Zeus Kerravala
Zeus Kerravala is the founder and principal analyst with ZK Research. Kerravala provides a mix of tactical advice to help his...
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Zeus Kerravala | October 08, 2012 |


BYOD, Multimedia Drive Need for Better Network Management

BYOD, Multimedia Drive Need for Better Network Management Management tools haven't kept up, which is why so many IT managers describe scenarios where everything on the dashboard is "green," and yet stuff isn't working.

Management tools haven't kept up, which is why so many IT managers describe scenarios where everything on the dashboard is "green," and yet stuff isn't working.

If you've followed my blogs and research over the past few years, you'll know I've been pushing hard for the network management industry to evolve. My thesis is that the legacy management platforms were developed in an era where IT infrastructure was physical, static, deployed in silos and under the tight control of IT. Today, of course, the whole IT model has been flipped. IT resources are virtual, users own and control endpoints and there are more and more shared resources. Meanwhile, management tools haven't really kept up, which is why so many IT managers I talk to describe scenarios where everything on the dashboard is "green," and yet stuff isn't working.

I walked through the causes for this on a webinar a couple of weeks ago with an up-and-coming network management vendor, ActionPacked! Networks, one of Cisco's many developer partners. In fact, if you want to watch the replay, it can be found here.

During the webinar, we asked a number of polling questions. The first was: "Which of the following is causing the greatest network management challenges?" To no surprise, the top response was "bring your own device," with 55% of the responses. VoIP was selected by 18% of the responders and then video, virtualization and wireless made up 9% each. This response wasn't overly surprising to me, as BYOD is the technology trend that causes IT to feel like they are losing the most control.

The second polling question proved my thesis, or at least that IT individuals agreed with me. A staggering 73% of the respondents answered "yes" to the question: "Do performance problems fall under the radar of your current monitoring solutions". Think about that: Almost three quarters of participants feel that they can't monitor the performance of the applications that drive the company's business. As the IT environment becomes more virtualized, consumerized and mobile, the problem will only become a bigger issue.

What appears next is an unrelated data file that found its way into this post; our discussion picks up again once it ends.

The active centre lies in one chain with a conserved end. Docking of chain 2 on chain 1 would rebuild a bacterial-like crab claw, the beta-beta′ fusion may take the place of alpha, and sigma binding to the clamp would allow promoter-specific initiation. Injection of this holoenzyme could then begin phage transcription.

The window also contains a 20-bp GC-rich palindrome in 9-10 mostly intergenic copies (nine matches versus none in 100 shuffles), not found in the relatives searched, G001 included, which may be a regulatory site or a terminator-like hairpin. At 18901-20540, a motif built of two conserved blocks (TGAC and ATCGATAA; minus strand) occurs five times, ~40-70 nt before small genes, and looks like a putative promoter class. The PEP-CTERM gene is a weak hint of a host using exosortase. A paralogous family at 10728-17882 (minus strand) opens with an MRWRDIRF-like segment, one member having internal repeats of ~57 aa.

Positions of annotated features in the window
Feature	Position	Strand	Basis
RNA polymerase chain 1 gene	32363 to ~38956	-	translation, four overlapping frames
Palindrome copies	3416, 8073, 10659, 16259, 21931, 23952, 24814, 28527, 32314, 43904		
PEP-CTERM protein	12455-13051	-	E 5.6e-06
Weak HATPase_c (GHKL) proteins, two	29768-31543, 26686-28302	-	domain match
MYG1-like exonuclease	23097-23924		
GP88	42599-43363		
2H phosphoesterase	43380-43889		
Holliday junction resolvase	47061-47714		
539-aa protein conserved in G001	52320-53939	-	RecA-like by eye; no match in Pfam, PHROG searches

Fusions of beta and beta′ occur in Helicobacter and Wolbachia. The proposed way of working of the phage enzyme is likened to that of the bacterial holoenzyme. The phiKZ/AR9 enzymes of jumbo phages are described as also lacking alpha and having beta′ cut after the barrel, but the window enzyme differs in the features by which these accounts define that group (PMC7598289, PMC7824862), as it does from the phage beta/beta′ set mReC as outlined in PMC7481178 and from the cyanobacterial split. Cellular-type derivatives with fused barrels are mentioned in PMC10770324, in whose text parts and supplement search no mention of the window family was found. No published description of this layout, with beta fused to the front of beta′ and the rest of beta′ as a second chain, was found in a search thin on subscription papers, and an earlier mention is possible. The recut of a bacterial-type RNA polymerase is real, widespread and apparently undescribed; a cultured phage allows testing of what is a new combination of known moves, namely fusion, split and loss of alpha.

The last polling question asked "When performance problems occur, how long do they take to resolve?" The answer to this question shows some magnitude of the impact to the organization. A surprisingly large number of respondents, 40% to be exact, said problems took 4+ hours to resolve. Another 40% stated that problems took 2-4 hours to resolve.

One of the slides I showed in the webinar was the impact of downtime to certain verticals (see below). Taking 4 hours to resolve a problem that causes an application to be down could cost a vertical like a brokerage over $20 million. The top verticals on this chart are heavily dependent on the network, which is why the impact per hour is so high. As more organizations move to network-based compute models like cloud and mobile, the cost per hour of outage will continue to rise.

Source: ZK Research

Closing this gap requires network management tools that can give a holistic view of the infrastructure through the lens of the service. One of the pieces of advice I give IT leaders today is that, before moving forward with cloud, BYOD, video, etc., they need to "know their network". That is, can the IT department visually see what's going on, what the normal baseline is, what's changed and what's a significant deviation from the norm? It's my experience that less than 25% of companies really know their networks, creating a big gap between where organizations are and where they need to be.

Having that knowledge of the network allows IT to be much more proactive and enables the IT department to predict when problems are going to occur and act before the users start complaining. Also, the network can uniquely span the virtual/physical, wired/wireless and cloud/premise boundaries, providing visibility far beyond what can be seen through endpoint agents and other legacy ways of managing the environment. The ultimate goal is to move to a user- or service-centric view of the infrastructure versus legacy management, which gives an infrastructure view, and then the service quality needs to be interpreted.

The sponsor of the webinar, ActionPacked! Networks is a great example of a management vendor that has been able to create a visual, real time view of the infrastructure. There are other up-and-coming management vendors such as Netscout, Riverbed and Gigamon that provide complementary functionality in this new era of IT.

It's clear there's a sea change going on in corporate IT today. Scaling this new world of IT requires many changes, and the one area that often gets forgotten about is the management tools. To the IT individuals reading this, I offer this advice: Be proactive and get out in front of this before it becomes a problem that costs significant money.


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